FRIENDS OF OAKHILL ~ PROTECTING GOOLE'S NATURAL HISTORY FOR FUTURE GENERATIONS

04
Jan

FORAGING AT OAKHILL

I first went to the Oakhill site and Brick Ponds area in 1991 when  my nephew and his friend at the end of their summer holidays showed me where to pick blackberries.

I remember it was a lovely sunny day and I was thrilled to find this wild area with fields lanes, woods and ponds.  I’ve been going there ever since.  It’s a wonderful place at any time of year and apart from seeing wildlife such as birds deer, rabbits, squirrels toads voles and many insects,  wild flowers fungi and trees,  it’s also a haven for foragers like me.

Our forefathers would have done this every year, it’s fun, free and  the fresh air it’s a good feeling to have a few jars of homemade produce in your “pantry”.

There are blackberries, sloes, rosehips, hawthorn berries apple and pear trees, hazelnut bushes and walnut trees.  They are growing wild,…no chemicals have been sprayed directly onto them.

I only pick responsibly for my own personal use although I do give most of the preserves I make away!  There is plenty left over for the wildlife inhabitants who have often got there before me.

Blackberries/brambles (Rubus) are a familiar perennial shrub with prickly stems, white-pinkish flowers in summer followed by drupelet fruits maturing from green-red-purplish black in mid-late summer early autumn.  I collect them in plastic containers so they don’t crush and use an old walking stick to help access.  They are rich in Vitamin C as well as many other nutrients and can be used to make jams, jellies pies crumbles and other desserts, dyes, plus wine liquers and fruit vinegar.

I wash the fruit  and remove stalks calyxes and any damaged bits and they can be frozen til you are ready to deal with them.

Sloes are fruit of the Blackthorn shrub Prunus Spinosa,  which has spiny branches.  They are one of the first shrubs to flower in early spring and you can see hedgerows of them all over the countryside.  The berries ripen to purplish blueish black in autumn and are said to be best picked after a frost.  They are very astringent if you try biting into one.

After washing I freeze them, this splits the skins so when making sloe jelly/gin you don’t need to bother pricking every berry as it says in some recipes.  Personally I don’t like sloe gin, but I’ve tried Rosehip Gin (made in the same way)  and it is lovely.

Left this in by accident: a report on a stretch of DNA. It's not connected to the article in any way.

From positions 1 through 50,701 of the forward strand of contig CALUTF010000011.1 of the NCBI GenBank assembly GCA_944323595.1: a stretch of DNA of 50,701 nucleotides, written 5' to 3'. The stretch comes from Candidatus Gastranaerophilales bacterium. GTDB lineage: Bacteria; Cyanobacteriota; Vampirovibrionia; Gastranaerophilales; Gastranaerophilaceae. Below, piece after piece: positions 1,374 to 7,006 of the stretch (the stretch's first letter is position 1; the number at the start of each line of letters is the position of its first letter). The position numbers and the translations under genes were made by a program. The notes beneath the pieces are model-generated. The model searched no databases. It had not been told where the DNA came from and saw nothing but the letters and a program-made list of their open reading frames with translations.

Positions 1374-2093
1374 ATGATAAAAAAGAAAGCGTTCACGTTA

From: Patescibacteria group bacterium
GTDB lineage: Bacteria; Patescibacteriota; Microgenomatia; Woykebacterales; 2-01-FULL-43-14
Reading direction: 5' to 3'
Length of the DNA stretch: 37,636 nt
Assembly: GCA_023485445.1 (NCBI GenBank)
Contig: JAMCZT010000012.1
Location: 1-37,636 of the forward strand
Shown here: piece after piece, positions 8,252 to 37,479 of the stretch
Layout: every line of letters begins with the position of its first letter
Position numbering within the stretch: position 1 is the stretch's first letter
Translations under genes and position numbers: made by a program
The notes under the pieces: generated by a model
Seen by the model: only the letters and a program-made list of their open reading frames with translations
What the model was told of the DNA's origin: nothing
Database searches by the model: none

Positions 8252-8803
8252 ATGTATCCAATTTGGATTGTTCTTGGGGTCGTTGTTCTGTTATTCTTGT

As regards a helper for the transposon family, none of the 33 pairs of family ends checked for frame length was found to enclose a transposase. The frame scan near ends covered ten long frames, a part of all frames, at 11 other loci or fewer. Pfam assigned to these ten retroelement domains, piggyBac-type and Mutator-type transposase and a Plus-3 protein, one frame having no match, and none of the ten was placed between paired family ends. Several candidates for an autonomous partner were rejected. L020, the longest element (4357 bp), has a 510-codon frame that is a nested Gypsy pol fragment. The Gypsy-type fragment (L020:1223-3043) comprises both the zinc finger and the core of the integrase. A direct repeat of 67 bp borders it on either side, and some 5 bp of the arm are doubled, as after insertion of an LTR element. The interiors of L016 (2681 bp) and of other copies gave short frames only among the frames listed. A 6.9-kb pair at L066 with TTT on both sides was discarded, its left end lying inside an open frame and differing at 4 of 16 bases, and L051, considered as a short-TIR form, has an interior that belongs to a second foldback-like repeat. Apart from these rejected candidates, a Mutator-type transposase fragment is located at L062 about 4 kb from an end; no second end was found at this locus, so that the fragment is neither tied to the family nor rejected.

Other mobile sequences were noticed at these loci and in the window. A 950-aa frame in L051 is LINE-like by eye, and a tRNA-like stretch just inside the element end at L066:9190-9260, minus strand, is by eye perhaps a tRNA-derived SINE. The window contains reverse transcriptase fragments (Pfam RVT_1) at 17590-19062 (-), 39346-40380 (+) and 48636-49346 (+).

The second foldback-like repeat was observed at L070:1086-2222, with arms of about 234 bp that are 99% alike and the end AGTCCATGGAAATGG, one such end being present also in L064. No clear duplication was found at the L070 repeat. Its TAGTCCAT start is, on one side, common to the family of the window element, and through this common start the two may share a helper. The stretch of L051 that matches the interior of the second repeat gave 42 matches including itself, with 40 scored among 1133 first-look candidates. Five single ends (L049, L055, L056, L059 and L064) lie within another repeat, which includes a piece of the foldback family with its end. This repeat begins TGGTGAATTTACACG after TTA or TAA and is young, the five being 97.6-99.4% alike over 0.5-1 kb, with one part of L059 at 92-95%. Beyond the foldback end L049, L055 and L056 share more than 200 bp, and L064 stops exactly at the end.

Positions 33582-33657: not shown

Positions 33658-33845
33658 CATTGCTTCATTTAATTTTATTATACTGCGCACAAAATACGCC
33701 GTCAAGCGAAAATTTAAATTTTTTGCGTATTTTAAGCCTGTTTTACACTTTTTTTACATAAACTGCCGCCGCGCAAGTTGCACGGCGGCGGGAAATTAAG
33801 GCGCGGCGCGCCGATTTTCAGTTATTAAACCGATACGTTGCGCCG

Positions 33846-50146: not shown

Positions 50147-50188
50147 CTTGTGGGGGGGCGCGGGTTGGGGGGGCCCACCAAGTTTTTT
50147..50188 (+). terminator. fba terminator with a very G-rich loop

Wild roses (dog roses) grow everywhere and have pinky white flowers in spring, then hips which ripen to an orangey-red. They are from the same family as apples and crab apples.  In the Second World War people scoured the countryside foraging because of food shortages and rationing, even when I was at school in the late 50’s/early 60’s we used to collect them for the school who got money from the Delrosa Rosehip Syrup factory.  Highly rich in Vitamin C they can used to make jellies, syrups, wine, liqueurs and teas.

I don’t bother fiddling about trying to remove the seeds (which we used to as kids shove down the back of each other’s jumpers -they are itchy-)  after gently stewing I sieve and strain through muslin.

Elderberries (Sambucus Nigra) are a familiar sight, a large shrub/small tree with creamy white flat heads of star shaped flowers in late spring followed by drooping branches of purplish black berries, juicy and rich in Vitamin C and many other nutrients with anti inflammatory properties and anti oxidants.  The plant is steeped in ancient folklore and linked with magic,  and supports a variety of wildlife.  After washing, I use a fork to prong the berries off the stalks.  They are rich in tannin and can be used for jams jellies wines cordials and for making dyes.  The flowers can also be used in various ways and go well with gooseberries.  They make a lovely wine and a sparkling ‘elderflower champagne’!

They can be dried and used in teas.

I always use a large stainless steel preserving pan to make jams and jellies, but any large pan will do as long as it is not aluminium.  I find it easier to test for the setting point of jam by putting a teaspoonful on a cold saucer and after a minute or so, draw your finger through it.  If it remains separate, it is ready.  The jars I wash and rinse and sterilise in the oven, so they are hot to put the jam into.  The lids I boil a few minutes and after filling the jars to the brim, I put the lids on straight away.  As the jam cools it shrinks and forms a vacuum to preserve the jam.   Some fruits do not have enough pectin in them to make a jam set, but you can aid this by adding lemon juice.  I never buy sugar with pectin added as it is more expensive.

It’s lovely to go down there to the Oakhill/Brick Ponds site, on a warm autumn day, gathering berries, with the bees buzzing, birds singing and the sun shining.  It makes me feel glad to be alive and we are so lucky to have this special place right on our doorstep.

 

By Lydia Seetulboseea.

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